Emergency Preparedness Shelter

Emergency Preparedness – Shelter

In Emergency Preparedness, St. Croix Living by Sarah0 Comments

Emergency Preparedness Blog Series

Welcome to our Emergency Preparedness Blog Series! After Hurricane Maria welcomed us to St. Croix in September, we feel like we have certainly learned about surviving a disaster. We wanted to share some of that knowledge with you! For the next several weeks we will be posting each week about different topics that we have learned about. We hope that they will help you assess your own preparation in light of an emergency. We will ask some questions that will get you thinking about what plans you have in place.

We also want to share with you some of the amazing things that helped us. In order for us to be completely transparent, we will get a small portion of affiliate sales if you choose to add any of these fine products to your own emergency preparedness arsenal. Thank you!

We are now moving forward…we’ve talked about food, and water, AND NOW…SHELTER!

Shelter

Home is a shelter from storms – all sorts of storms. William Bennett

When you are faced with imminent danger from a natural disaster – like an oncoming hurricane –you are faced with a difficult decision – to stay and weather the storm or evacuate. Both are difficult. Both require sacrifice and courage. Perhaps you don’t feel that your home would withstand a significant disaster – be it hurricane, flood, or earthquake. We have two young boys and knew that it would be hard to stay. What physical and emotional impacts could staying or going potentially present? We had family members who offered to get us off the island and allow us to stay with them. We made the decision to stay and remain with our home so we could manage the house during and after the storm.

Possession Protection

We decided to stay and that meant that we needed to prepare our home for any eventual outcome. I am a thinker and a worrier. I am really good at coming up with “worst-case” scenarios. I chose to use this to my advantage as we planned. I created a plan for the scenario that we would lose our roof or if we had to leave our home.

Special Papers

I asked myself “What is my plan to store my valuable papers like birth certificates, house deeds, photos, etc.?” I figured if the worst were to happen and we lost our roof, I would want something that would keep everything dry and secure. I got out our Ziploc bags again and put everything in one of those and then I put all of that in another smaller plastic bin and then I put that bin into another larger bin. I felt like they were secure. I had read that you could have copies of them put somewhere else – and that would have been an additional step that could be taken.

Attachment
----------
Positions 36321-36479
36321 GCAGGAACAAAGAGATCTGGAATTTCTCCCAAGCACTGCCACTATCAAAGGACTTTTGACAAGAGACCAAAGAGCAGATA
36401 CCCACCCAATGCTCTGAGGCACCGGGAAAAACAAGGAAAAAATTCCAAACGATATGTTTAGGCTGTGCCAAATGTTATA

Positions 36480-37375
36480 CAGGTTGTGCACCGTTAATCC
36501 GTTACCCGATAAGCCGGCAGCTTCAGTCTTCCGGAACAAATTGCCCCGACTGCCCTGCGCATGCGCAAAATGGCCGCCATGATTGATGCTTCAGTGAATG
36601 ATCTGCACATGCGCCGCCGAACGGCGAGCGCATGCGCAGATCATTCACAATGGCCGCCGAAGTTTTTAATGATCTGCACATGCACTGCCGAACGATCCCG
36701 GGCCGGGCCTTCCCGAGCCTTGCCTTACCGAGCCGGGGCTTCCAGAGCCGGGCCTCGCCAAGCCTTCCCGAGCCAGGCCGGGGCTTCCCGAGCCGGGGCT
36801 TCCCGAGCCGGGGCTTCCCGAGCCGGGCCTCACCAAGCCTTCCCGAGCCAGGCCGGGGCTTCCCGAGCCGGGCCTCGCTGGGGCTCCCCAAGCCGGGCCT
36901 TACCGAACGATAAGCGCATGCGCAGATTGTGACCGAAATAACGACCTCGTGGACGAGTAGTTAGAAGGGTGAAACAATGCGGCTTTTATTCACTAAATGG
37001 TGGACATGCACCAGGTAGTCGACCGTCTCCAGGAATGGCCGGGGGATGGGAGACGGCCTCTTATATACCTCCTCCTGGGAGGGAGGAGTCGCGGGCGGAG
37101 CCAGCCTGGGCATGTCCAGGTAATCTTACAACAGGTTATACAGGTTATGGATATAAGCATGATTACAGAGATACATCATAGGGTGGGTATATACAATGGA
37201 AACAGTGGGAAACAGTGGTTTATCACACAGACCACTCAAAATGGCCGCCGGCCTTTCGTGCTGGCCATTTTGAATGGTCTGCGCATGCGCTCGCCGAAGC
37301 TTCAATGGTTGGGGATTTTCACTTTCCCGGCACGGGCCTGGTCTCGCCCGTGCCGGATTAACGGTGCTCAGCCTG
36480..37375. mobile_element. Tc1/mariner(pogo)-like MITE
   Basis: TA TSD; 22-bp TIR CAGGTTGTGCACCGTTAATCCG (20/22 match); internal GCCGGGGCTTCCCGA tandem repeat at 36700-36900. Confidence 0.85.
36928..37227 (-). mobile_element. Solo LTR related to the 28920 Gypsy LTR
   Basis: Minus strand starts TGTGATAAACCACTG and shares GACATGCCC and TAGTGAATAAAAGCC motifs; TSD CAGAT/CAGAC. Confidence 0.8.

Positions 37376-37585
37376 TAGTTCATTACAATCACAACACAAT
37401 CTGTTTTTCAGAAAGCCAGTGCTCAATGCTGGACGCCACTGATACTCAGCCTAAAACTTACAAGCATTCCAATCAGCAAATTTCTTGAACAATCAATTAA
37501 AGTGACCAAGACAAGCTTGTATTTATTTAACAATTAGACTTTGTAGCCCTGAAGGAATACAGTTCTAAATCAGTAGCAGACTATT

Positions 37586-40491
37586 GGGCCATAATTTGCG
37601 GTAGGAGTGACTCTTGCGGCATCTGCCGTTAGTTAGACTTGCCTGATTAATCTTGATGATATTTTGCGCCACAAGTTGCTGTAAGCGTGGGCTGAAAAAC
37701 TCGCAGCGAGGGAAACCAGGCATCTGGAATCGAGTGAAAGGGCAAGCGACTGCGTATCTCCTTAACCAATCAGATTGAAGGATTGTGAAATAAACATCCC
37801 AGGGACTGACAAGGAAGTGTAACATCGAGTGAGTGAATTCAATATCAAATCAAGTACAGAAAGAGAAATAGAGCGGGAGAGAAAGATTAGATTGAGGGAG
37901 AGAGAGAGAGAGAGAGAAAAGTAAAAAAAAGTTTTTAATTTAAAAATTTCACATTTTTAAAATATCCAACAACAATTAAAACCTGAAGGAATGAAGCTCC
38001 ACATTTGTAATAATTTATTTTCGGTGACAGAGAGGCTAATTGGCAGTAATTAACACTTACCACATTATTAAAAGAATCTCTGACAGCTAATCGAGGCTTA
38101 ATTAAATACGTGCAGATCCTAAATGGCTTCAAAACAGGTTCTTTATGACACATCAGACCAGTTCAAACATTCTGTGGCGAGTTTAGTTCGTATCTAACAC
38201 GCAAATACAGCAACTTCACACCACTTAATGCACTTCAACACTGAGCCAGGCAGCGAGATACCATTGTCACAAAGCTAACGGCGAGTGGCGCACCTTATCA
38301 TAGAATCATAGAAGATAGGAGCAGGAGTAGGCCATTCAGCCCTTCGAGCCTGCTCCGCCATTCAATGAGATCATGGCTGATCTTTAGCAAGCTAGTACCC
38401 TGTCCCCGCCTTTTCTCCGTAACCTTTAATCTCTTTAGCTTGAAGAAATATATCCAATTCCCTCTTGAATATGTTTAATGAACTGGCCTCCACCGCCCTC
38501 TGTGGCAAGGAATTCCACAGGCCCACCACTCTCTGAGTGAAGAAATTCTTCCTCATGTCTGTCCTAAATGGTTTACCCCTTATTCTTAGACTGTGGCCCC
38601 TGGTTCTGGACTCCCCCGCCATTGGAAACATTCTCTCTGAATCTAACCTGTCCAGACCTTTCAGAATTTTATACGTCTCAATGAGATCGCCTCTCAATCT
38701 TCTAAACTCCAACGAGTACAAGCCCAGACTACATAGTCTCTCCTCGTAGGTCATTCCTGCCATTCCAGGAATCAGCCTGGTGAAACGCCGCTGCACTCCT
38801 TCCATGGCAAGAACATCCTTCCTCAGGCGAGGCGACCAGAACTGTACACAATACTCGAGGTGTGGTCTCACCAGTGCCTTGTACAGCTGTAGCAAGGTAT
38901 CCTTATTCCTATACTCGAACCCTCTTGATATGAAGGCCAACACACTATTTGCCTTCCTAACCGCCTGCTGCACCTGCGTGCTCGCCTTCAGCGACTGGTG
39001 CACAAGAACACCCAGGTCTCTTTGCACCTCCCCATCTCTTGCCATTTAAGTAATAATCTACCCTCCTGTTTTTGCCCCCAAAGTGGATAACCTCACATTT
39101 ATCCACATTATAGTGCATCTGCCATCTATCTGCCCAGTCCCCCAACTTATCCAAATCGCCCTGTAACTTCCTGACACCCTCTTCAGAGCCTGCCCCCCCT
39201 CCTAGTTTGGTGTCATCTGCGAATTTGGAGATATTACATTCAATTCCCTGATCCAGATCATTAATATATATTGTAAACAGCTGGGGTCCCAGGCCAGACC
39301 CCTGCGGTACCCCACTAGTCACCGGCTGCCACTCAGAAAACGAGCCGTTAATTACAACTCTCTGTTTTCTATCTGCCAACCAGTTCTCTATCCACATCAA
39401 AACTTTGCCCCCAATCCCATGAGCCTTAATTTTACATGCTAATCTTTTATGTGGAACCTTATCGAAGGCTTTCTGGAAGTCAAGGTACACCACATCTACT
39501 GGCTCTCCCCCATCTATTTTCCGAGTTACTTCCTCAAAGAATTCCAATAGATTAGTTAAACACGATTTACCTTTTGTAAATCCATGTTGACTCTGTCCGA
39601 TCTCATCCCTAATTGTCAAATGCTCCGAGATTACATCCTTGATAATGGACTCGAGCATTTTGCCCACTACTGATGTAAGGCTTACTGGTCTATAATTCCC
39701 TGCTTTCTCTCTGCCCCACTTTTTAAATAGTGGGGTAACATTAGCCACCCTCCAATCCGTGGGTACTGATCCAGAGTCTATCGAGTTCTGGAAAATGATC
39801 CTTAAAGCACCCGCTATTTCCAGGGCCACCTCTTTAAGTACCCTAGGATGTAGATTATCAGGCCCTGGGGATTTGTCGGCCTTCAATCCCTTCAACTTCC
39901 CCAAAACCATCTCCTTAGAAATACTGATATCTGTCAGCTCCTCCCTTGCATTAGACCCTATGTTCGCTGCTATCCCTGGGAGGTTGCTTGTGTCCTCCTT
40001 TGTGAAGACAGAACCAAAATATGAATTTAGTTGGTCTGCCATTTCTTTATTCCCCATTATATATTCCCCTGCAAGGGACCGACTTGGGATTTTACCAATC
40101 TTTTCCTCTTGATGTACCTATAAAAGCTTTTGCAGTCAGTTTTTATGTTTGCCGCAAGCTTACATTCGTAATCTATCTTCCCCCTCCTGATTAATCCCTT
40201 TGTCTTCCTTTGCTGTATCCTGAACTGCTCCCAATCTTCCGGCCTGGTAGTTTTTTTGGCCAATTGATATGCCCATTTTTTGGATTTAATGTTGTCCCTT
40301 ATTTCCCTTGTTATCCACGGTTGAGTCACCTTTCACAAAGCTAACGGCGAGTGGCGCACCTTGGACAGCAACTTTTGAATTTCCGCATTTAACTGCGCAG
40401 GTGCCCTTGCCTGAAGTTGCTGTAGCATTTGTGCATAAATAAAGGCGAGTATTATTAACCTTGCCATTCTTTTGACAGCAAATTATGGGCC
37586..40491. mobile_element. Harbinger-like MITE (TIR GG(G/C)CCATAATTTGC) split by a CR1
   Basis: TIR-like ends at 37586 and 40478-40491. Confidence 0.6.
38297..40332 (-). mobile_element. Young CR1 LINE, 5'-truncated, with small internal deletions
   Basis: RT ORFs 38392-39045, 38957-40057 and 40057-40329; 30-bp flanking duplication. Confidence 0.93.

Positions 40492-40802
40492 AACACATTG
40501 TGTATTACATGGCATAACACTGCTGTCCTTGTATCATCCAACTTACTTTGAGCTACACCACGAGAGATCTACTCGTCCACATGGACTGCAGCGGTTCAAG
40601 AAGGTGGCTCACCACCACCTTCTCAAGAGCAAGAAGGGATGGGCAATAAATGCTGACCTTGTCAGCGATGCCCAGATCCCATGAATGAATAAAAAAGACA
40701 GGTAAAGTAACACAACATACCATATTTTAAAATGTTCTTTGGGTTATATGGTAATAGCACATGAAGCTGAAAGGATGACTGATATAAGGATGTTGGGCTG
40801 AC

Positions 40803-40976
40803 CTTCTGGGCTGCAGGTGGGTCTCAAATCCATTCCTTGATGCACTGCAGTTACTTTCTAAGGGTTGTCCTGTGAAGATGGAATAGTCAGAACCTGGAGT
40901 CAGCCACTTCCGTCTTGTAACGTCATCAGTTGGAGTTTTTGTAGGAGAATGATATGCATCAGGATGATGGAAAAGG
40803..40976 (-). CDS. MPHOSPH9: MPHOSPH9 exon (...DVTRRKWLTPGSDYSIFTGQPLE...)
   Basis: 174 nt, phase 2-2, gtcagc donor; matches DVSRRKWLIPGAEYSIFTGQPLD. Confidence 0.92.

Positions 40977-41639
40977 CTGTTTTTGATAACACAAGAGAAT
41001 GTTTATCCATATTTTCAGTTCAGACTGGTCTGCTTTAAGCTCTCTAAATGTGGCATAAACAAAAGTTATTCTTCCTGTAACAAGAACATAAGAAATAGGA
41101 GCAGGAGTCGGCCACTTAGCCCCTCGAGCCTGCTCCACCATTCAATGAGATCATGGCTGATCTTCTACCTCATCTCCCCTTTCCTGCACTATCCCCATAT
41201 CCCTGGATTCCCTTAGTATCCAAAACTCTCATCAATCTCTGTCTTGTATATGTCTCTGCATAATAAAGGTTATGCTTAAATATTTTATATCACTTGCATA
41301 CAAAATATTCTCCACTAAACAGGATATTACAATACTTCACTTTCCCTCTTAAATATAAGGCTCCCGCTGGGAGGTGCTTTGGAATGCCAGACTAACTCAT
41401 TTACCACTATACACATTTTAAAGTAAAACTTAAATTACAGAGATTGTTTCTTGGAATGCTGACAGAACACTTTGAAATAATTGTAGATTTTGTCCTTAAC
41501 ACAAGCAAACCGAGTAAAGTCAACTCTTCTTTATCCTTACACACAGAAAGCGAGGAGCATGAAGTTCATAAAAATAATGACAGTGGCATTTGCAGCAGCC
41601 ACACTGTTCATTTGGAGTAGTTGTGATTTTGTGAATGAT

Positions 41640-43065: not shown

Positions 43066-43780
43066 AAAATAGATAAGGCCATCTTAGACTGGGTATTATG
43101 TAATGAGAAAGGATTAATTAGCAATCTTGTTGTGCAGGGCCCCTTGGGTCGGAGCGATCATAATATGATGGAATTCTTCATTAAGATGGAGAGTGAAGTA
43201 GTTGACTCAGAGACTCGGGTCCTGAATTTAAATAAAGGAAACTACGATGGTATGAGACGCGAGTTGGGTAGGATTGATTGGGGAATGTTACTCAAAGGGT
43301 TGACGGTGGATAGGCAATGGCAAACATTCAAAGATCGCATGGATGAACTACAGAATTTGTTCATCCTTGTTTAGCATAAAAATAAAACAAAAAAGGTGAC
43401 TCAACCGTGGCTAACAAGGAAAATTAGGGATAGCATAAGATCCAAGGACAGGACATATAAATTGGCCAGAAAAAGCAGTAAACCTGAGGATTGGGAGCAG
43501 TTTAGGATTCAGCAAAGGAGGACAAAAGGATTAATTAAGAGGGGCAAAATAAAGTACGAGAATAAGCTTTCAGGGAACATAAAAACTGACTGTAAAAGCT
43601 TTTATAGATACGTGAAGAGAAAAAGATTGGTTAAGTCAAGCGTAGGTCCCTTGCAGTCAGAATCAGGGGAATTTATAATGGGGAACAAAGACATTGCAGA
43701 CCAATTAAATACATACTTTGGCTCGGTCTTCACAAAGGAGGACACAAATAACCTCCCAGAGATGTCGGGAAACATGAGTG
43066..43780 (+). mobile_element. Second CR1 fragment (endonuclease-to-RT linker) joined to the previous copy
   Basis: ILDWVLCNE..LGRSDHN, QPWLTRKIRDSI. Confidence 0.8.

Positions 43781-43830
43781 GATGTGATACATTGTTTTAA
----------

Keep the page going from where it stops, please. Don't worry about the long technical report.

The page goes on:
Batteries, Matches, and Electronics

In the same bin as above, I also put our collection of batteries, matches, and all electronic devices (fully charged) and their corresponding charging wires and plugs. Then if we were to have to worry about any type of flooding or even if we needed to leave, they were all in one place and could easily be transported. I also took the time to back up all of our information from our laptop onto an external hard drive so we would be covered should anything happen to our laptop.

Furniture

We took the time to move all of our furniture from Utah to St. Croix and we were determined to ensure they made it through the storm. We took down all of our art off of the walls and put them in a closet surrounded by black plastic bags. Then I took plastic sheeting and covered our beds, couch, and piano.

I knew that if water wanted to get in then it would but I was going to take precautions to prevent as much damage as I could. I also took plastic garbage bags black plastic bags and wrapped the clothes in our closet – just going from the bottom to secure the ties at the top of the hanger. We took all of the books and dvds off of the bookshelves in our dining room and put them in black plastic bags and put them near an interior wall. We then took any valuable small trinkets and placed them inside of the bookshelves which I then wrapped with press n’ seal.

We had moving blankets left over from moving that I placed on top of everything to add an additional layer of protection and weight against wind. It felt like we were moving again. It was exhausting but I hoped it would be enough.